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The Spokesman-Review Newspaper
Spokane, Washington  Est. May 19, 1883

‘Art is freedom’: Retiree finds new purpose in creating art

Richard Jackin spent his life working hard, doing construction and odd jobs to make ends meet.

The moments he felt the most at peace were when he created art.

“To me, art is freedom,” Jackin said. “It has no limitations and that’s what inspires me, because I can do anything I want. It sets you free.”

During the 2008 recession, Jackin worked for Fannie Mae, helping the mortgage lender deal with foreclosed houses. As he cleaned out the homes, Jackin would set aside items for himself instead of throwing them away – a box of nails, a ceiling fan or a tray that held an antique Victrola turntable.

Then he’d head back to his duplex’s garage and turn the items into art.

Now at 63, Jackin lives in the Four Lakes area painting, carving and playing with glitter in his garage and adjacent homemade art gallery.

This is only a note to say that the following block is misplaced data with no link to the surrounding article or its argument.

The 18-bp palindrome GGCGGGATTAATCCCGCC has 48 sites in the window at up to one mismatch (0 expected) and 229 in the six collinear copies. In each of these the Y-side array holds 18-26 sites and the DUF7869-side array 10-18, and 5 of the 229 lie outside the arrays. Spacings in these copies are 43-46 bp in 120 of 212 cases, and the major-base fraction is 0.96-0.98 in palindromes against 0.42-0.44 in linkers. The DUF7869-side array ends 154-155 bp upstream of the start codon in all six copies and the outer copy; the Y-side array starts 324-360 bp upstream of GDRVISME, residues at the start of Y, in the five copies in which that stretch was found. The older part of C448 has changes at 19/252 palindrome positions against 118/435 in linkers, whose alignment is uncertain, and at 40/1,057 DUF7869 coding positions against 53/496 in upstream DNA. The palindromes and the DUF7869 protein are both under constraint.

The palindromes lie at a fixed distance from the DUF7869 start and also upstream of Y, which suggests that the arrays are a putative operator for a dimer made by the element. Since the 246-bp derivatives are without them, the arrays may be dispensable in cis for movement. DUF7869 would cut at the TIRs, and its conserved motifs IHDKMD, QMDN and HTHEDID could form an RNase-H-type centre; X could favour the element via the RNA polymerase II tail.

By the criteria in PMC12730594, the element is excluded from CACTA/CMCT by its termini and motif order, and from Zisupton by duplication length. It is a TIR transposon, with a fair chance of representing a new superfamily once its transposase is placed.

He’s in a new phase of his artistic journey, creating large multicolored sculptures from trees he has cut down on his property.

A handful of the colorful cage-like structures holds mannequins or baby dolls.

“I do it to provoke a reaction,” Jackin said of the sculptures. “Whether it’s a positive or negative reaction, that’s up to the viewer.”

While the sculptures are unconventional, Jackin also makes functional art, from his trees. Large slabs of the trees serve as table tops, branches become spindles in glossy chairs.

“I got enough work around here to keep me busy for the rest of my life,” Jackin said, gesturing to his large pile of yet-to-be-processed wood.

Jackin’s art continues to evolve. His current sculpture features the same brightly colored cage-like structure, with wood panels in the shape of flames sprouting from the middle covered in a dusting of glitter.

Devoting his retirement to art gives Jackin a natural joy.

“If I can do it, anyone could do it,” Jackin said.